How The ‘Invalid Trade’ Helped Build San Diego
Tuesday, July 30, 2019
Credit: Courtesy of San Diego History Center
After the Civil War, San Diego didn’t have much going for it economically.
But it was beautiful.
“The valley was green and the river was flowing,” said San Diego historian Iris Engstrand. “The mountains were on both sides to the valley. Geraniums grew here, every flower imaginable, the beaches, the sun. It looked very much like southern Spain.”
The weather was equally Mediterranean.
“San Diego had an average temperature of 70 degrees,” Engstrand said.
Today, talk in San Diego tends to center on exorbitant housing and whether to move elsewhere. But there was a time when cheap land and the promise of fresh air and a balmy climate inspired scores of sick Americans to flock to the region to heal.
“I’ve seen estimates as high as a quarter of San Diego’s population may have been these health seekers,” said David Miller, University of San Diego history professor. “Something a lot of people aren’t aware of is the role these health seekers played in settling San Diego and Southern California.”
As news spread of San Diego’s natural features in the 1860s through pioneer paintings and word of mouth, people took notice.
Out-of-state developers like Alonso Horton saw boom potential. In 1867, he bought 965 acres for 27½ cents an acre in the middle of today’s downtown.
That area became known as New Town or as Horton described it, “Heaven on Earth.”
Ailing businessmen Frank Kimball and Ephraim Morse also came. And families moved to San Diego, many with tuberculosis, known then as consumption.
Some said many of the newcomers recovered. They credited San Diego’s fresh air and even climate, spawning the birth of what was then called the invalid trade.
“There was a trade in invalids in the sense that you could make a fortune by offering what they wanted,” said Andy Strathman, CSU San Marcos history professor.
The idea was to sell San Diego’s sea, topography and climate as a tonic.
And everyone was in on it, including the citrus industry.
“Very often, the orange crate labels that were taking the fruit back East would contain these picturesque scenes of a Southern California landscape,” Strathman said. “They would feature healthy looking people who were vigorous and young.”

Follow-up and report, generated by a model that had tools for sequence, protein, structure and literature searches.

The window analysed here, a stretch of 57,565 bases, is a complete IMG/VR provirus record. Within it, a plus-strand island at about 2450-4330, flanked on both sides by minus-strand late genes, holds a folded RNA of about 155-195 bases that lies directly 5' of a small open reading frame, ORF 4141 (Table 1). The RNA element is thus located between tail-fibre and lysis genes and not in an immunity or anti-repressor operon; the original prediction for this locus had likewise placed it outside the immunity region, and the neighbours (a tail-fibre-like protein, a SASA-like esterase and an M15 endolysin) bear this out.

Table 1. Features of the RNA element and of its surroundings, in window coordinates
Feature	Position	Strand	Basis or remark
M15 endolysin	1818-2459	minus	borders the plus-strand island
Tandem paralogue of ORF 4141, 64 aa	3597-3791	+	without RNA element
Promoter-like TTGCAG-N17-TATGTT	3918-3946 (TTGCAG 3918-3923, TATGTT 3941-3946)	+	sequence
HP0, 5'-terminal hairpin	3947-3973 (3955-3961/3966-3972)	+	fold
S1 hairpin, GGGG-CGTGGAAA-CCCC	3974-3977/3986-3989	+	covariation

The transportation industry did its part too.
“You have the railroads actively marketing health to sick patients to bring people to San Diego to develop it,” Miller said.
At times, the sales pitch surpassed hyperbole. Death in San Diego was described as a “remarkable event.”
“There was a story of a man who lived to be 109 and got so sick of living that they had to take him out of California so he could die,” Miller said.
The air in Southern California was touted as so fresh and beneficial that it would bestow its people with melodic voices, eventually creating an entire race of singers.
“It was pure boosterism,” Strathman said.
San Diego and Los Angeles even competed for the ill.
And it got dirty.
According to the book “Health Seekers of Southern California,” a Los Angeles man warned an Ohio man not to go south because San Diego’s constant fog caused malaria, diphtheria and a slew of other contagious diseases.
The iconic Hotel del Coronado, according to the book, was characterized as a pesthouse that was shuttered by quarantine officials 100 times.
“Los Angeles people were jealous that San Diego was getting so much attention,” Engstrand said.
The trash talk didn’t work. San Diego became known as a cure for almost any illness.
“It was a place to go if you had any kind of joint problems, tuberculosis or internal diseases, whatever because of the climate,” Engstrom said.
San Diego physician Peter Remondino, who often dressed in a cape, added heft to the reputation. In 1890, he wrote: “Sea air has been shown to exercise a decisive preventive action in the case of consumption.”
But retired San Diego physician George Kaplan said if people didn’t get the disease locally, it was probably due to better hygiene in the region. He said the cramped, industrialized and polluted conditions elsewhere in the country made it easier to contract TB.
And he said there was another reason, other than the climate, that people survived tuberculosis, which is a bacterial infection.
“I think most of those who recovered, recovered because they were previously in good health,” Kaplan said.
Nonetheless, San Diego’s economy benefited from the invalid trade. A San Diego Union opinion piece, titled “Our Winning Card” from that era read, “Our best money has always come from our climate.”
It goes on to say “probably two-thirds of our population and wealth has been drawn to San Diego by its advantages as a health resort alone.”
San Diego still draws health seekers today.
The travel website Thrillist ranked San Diego the third most healthy place to live in the United States.
And San Diego real estate agent Joe Farrage said clients tell him they want to move here for the same reasons people settled the area 150 years ago.
"Its natural beauty is the main thing right away,” Farrage said. “And then I think everything is sort of surrounded by the sun and the weather and the coastline.”
He said when prospective buyers see people doing paddle board yoga, surfing, kayaking, running on the beach or meditating and having access to fresh fruits and vegetables year-round, San Diego becomes irresistible.
“It’s that healthy lifestyle,” Farrage said. “And that is really appealing to people.”
The California Dream Project is a statewide collaboration focused on issues of economic opportunity, quality-of-life, and the future of the California Dream. Partner organizations include CALmatters, Capital Public Radio, KPBS, KPCC, and KQED.
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